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was pretty cheap cant remember how much exactly,few hundred easy to fit if ya know what ya doin

 

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Posted: Tue Sep 27, 2005 9:05 am 
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prydey wrote:
oh so the dif ratio only affects top gear? you idiot. the revs will be lower accross the range and the motor is not going to struggle. i had a 2.7 dif in a xf 5sp and that could handle 5th from 55kph. xf had 121kw vs ed 145kw. it wont struggle but it will save fuel as the engine is not working as hard. potting around at 60 it should be sitting on about 1000rpm.


'prydey' have some self control ...

i never said anything about 2.7 diff gear only affects the top gear.

i hope u realise that using something like a 3.45 diff will give your greater accleration?

now i also hope you realise that fuel is the energy source for accelerating your car. It is when the car is accelerating, that the engine uses the most fuel. When the car is not accelerating, it is using much much less fuel.

Hence, the reason why if you use a higher diff ratio (e.g. 3.45), you can potentially increase you fuel economy. By making it easier for the car to accelerate, the car spends less time accelerating making it use less fuel during this acceleration period.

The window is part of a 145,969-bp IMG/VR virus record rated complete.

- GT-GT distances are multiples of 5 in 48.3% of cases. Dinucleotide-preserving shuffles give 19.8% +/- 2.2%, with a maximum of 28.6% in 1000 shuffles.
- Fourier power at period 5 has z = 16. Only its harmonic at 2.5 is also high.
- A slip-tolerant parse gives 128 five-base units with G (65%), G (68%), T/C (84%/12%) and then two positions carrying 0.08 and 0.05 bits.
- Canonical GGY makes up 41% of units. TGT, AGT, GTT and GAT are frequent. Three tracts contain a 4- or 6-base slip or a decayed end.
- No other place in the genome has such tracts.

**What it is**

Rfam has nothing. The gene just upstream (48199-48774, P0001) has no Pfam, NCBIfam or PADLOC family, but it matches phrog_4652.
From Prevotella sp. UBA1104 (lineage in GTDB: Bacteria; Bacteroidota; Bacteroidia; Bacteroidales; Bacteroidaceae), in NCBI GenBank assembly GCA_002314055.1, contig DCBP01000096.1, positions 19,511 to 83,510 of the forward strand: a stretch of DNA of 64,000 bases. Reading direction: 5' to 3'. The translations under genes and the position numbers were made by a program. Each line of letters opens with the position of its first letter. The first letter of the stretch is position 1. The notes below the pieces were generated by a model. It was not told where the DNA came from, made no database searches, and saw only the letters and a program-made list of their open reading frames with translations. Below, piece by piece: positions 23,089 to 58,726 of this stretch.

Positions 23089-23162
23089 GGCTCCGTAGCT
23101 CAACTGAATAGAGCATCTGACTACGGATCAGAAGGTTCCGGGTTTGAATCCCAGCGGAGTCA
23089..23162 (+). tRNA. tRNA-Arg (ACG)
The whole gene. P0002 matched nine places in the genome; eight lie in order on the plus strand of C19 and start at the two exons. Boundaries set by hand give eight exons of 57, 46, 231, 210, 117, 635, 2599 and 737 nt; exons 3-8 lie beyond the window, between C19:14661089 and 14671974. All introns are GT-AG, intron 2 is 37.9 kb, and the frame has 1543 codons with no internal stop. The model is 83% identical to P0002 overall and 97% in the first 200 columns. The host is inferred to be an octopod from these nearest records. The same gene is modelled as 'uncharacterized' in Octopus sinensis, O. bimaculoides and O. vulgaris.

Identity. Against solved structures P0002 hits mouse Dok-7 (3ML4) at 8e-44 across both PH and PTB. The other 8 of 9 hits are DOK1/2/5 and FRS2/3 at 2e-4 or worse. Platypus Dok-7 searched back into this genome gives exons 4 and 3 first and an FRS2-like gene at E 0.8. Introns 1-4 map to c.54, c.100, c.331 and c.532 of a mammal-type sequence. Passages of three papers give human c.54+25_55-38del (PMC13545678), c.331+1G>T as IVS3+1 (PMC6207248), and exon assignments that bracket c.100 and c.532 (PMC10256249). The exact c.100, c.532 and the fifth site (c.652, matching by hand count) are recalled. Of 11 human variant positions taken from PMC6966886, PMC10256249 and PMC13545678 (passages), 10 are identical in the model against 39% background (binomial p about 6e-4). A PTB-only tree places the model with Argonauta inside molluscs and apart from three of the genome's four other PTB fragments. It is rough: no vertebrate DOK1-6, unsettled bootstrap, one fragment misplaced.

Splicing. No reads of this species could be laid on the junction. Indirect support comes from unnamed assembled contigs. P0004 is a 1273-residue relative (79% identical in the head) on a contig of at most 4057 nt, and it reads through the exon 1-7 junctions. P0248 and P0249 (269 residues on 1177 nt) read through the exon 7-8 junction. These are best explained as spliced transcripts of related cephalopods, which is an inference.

However, the give away is it forces the engine to operate at a higher RPM when at constant speed. Therefore at a constant speed (e.g. at 100km on the freeway) for an extended period of time, the 3.45 give a poorer fuel economy than a 2.77.

That is the reason y, if you are a freeway traveller, its better to stick to a lower ratio diff. But, it you are city traveller, where the car is always accelerating, than a lower ratio is better.

I dont know how a xf 5 speed will feel, but in an EA factory 5 speed, the 5 gear is designed for cruising. 5 gear at 100km is about 1900 RPM. Acclerating in 5th at 60km is just asking the engine way too much. The engine shudders and you will eventually be left will a blown engine.

'prydey', please go and do some proper research. it is only something very basic ....

 

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Posted: Tue Sep 27, 2005 11:15 am 
Getting Side Ways
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do you even listen to yourself . a taller dif will be more economical. since when are you accelerating all the time when driving around town. the car in question is a ed fairmont. i'm assuming auto. this means that when you put your foot down it AUTOMATICALLY changes up or down gears in the gearbox. an engine turning over at 1500rpm is using less fuel than one turning over at 1650rpm.

you are prolly one of these people who never use fifth until you hit the open road. i regularly use fifth round town. i can be in 5th from as low as 45kph and the engine is not labouring although i do have 3.45 in mine. i would not attempt to accelerate up a rise at that speed in fifth though but if i'm cruising along at 60 and traffic slows to 45 - 50 and picks up again i wont change gears. i don't slam my foot down on the gas either as i realise 5th gear is not for accelerating.